Los Angeles voters Tuesday were strongly rejected the proposed creation of a municipal bank, something first suggested more than a year ago as a way to finance local entrepreneurs and affordable housing while also potentially creating a safe avenue for cannabis businesses to do their banking.
Early returns showed more than 61 percent of voters rejecting the idea, which was strongly backed by City Council President Herb Wesson.
“A municipal bank’s emphasis is on building stronger communities through smart, community-serving investments like affordable housing,” Wesson said. “We can no longer afford to do business with Wall Street banks more interested in making money on the backs of hard-working families than giving Angelenos tools to succeed.”
Since Wesson introduced the idea, the Ad Hoc on Comprehensive Job Creation Plan Committee has held several meetings on the topic, but many of the key details on how or if the city could actually create its own bank remain unanswered. Wesson’s motion acknowledged the uncertainty, noting, “There are many milestones that must be met in order to achieve the formation of a municipal bank. Changes in federal and state law are necessary and significant decisions regarding the governance structure of a municipal bank must be made.”
In December of last year, lawyers with the City Attorney’s Office told the committee the public bank would be subject to the same laws that any other bank is when it comes to marijuana businesses. And since marijuana is still a Schedule 1 drug at the federal level, accepting deposits from cannabis businesses could violate the Banking Secrecy Act and open the city and employees at the bank to potential liability, the attorneys said.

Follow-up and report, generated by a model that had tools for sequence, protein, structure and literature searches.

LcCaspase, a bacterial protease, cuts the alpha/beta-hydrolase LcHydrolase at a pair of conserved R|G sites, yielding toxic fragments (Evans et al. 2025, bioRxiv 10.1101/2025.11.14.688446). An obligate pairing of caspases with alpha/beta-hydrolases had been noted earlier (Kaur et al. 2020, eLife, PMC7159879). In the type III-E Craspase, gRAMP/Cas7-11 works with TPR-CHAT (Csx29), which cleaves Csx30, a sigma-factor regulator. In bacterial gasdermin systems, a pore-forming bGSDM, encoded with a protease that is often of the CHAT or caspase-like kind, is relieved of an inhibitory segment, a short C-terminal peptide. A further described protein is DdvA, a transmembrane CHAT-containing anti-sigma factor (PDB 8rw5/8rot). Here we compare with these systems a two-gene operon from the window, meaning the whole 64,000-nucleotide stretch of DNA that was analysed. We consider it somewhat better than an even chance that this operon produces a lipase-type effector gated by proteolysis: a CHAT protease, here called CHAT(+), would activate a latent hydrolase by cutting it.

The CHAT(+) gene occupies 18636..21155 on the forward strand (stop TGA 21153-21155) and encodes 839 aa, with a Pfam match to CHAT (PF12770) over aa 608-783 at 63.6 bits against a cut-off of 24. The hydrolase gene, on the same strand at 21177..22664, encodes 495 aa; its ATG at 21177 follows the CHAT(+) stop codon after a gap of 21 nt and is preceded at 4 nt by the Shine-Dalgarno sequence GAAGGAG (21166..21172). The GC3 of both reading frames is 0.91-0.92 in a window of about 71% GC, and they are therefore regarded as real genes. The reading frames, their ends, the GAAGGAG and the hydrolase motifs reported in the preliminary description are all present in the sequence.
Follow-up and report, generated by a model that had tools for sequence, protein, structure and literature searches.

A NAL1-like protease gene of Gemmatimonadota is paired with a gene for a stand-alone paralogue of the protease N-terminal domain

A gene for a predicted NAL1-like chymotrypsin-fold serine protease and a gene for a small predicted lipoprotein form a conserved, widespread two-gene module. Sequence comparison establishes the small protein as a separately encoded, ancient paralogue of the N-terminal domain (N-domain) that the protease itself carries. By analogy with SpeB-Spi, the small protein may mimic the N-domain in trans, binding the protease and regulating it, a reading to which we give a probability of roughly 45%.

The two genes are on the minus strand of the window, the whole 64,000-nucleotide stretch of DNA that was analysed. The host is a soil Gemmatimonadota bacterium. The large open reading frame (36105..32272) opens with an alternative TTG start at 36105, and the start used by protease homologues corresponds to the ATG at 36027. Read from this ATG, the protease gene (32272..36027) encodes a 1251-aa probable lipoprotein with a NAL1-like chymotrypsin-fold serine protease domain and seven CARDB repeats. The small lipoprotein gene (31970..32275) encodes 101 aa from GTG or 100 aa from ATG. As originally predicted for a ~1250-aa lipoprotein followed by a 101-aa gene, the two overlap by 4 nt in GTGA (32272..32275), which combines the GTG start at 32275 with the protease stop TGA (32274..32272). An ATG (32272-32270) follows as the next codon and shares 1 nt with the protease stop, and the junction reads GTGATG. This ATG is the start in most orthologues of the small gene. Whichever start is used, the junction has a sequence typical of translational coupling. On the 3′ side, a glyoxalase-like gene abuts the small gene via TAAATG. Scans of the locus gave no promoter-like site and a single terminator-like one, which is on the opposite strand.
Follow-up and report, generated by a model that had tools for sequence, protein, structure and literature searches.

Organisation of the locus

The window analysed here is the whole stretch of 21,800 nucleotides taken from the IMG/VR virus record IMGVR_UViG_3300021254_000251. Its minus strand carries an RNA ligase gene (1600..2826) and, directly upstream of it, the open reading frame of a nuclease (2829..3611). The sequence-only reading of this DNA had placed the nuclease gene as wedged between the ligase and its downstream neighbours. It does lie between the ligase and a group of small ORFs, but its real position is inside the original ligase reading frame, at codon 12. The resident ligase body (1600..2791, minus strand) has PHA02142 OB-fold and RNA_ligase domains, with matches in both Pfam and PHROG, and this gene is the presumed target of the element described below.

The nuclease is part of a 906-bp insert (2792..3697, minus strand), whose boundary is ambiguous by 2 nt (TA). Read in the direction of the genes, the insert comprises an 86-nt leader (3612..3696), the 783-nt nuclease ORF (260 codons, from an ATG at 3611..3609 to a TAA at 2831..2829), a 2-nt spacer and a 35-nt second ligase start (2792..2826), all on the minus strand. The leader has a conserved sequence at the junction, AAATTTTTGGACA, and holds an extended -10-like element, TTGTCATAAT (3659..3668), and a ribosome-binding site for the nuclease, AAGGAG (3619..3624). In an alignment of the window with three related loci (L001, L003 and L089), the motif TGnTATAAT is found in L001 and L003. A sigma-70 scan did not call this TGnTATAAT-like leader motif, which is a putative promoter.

However, there are efforts both at the state and federal level to change laws that would allow cannabis businesses to freely use banks, including the SAFE Banking Act, which is under consideration by a Senate committee and would make banking legal for the cannabis industry in states that allow the sale of the drug.
No city in America has its own bank, and the only public bank in the nation is the Bank of North Dakota, which was created in 1919.
Meanwhile, voters strongly backed Measure E, which will align city elections with state election dates. Voters approved a similar measure in 2015 in an effort to boost participation in local elections, but since then the state has moved its primary from March to June. As a result, the city must change its election date again — and again ask voters for permission. The ballot measure included language allowing the city to make future election-date adjustments without having to return to voters.
Voters also approved Measure EE, which will accomplish the same as Measure E for Los Angeles Unified School District Board of Education elections.
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